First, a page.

Voight, Barry, Le Friant, Anne, Boudon, Georges, Deplus, Christine, Komarowski, Jean-Christophe, Lebas, Elodie, Sparkes, R. Stephen J., Talling, Peter and Trofimovs, Jess
Undrained sediment loading key to long-runout submarine mass movements: evidence from the Caribbean Volcanic Arc
Yamada, Yasuhiro, Kawamura, Kiichiro, Ikehara, Ken, Ogawa, Yujiro, Urgeles, Roger, Mosher, David, Chaytor, Jason and Strasser, Michael (eds.)
Submarine Mass Movements and Their Consequences.
(Advances in Natural and Technological Hazards Research Series, 31).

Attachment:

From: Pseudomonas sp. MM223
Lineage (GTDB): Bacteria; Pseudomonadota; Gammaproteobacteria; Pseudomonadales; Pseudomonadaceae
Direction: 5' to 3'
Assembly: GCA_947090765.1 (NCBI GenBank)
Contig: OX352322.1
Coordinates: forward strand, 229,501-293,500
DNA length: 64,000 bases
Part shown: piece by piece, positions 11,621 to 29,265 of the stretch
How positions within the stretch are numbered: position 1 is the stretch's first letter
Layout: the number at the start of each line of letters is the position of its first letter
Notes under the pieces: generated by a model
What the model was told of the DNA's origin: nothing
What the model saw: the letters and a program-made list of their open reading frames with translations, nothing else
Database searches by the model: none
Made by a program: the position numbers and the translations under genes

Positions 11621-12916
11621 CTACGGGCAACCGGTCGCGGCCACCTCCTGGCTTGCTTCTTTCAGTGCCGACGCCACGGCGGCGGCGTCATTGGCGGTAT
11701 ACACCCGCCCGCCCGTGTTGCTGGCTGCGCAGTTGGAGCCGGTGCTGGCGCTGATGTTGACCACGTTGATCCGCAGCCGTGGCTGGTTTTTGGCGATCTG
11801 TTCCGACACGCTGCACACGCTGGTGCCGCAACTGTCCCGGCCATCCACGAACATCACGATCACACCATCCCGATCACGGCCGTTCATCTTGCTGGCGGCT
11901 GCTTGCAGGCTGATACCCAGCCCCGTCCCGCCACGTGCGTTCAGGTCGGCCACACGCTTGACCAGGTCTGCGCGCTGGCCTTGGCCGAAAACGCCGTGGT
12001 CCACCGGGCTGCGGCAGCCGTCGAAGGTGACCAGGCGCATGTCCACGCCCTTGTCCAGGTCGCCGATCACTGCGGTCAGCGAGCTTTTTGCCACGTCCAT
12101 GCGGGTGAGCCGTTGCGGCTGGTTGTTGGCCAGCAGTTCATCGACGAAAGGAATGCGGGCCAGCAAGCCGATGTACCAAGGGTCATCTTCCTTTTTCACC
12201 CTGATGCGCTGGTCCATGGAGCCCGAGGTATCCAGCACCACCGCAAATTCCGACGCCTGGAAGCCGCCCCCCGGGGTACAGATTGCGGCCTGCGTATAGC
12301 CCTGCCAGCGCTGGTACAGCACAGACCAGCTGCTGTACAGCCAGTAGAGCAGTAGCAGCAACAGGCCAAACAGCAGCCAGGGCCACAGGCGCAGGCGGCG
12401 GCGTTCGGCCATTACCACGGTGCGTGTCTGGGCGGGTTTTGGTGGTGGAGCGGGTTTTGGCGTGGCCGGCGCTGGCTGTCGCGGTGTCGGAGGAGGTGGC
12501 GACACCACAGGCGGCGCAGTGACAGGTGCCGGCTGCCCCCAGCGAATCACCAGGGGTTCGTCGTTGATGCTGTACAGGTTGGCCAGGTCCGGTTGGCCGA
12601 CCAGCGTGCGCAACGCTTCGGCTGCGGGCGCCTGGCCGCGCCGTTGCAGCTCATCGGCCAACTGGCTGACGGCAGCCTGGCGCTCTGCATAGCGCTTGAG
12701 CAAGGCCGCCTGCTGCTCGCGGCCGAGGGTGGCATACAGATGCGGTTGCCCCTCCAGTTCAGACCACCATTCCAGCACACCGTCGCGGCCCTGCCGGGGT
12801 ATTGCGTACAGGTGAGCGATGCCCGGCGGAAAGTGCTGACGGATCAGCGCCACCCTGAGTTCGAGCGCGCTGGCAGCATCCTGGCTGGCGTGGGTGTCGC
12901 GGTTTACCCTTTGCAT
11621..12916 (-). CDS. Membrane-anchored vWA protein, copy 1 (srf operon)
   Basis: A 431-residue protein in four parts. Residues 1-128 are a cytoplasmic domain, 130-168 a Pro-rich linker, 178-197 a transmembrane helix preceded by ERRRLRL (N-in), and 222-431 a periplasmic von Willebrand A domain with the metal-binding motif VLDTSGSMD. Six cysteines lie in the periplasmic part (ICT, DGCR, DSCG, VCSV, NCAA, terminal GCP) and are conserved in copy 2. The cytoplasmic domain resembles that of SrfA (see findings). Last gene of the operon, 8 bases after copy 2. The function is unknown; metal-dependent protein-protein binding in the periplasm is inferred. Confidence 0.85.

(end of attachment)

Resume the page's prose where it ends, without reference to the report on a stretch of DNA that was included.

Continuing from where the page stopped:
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Long undersea debris runout can be facilitated by a boundary layer formed by weak marine sediments under a moving slide mass. Undrained loading of such offshore sediment results in a profound drop of basal shear resistance, compared to subaerial shear resistance, enabling long undersea runout. Thus large long-runout submarine landslides are not truly enigmatic (Voight and Elsworth 1992, 1997), but are understandable in terms of conventional geotechnical principles. A corollary is that remoulded undrained strength, and not friction angle, should be used for basal resistance in numerical simulations. This hypothesis is testable via drilling and examining the structure at the soles of undersea debris avalanches for indications of incorporation of sheared marine sediments, by tests of soil properties, and by simulations. Such considerations of emplacement process are an aim of ongoing research in the Lesser Antilles (Caribbean Sea), where multiple offshore debris avalanche and dome-collapse debris deposits have been identified since 1999 on swath bathymetric surveys collected in five oceanographic cruises. This paper reviews the prehistoric and historic collapses that have occurred offshore of Antilles arc islands and summarizes ongoing research on emplacement processes.
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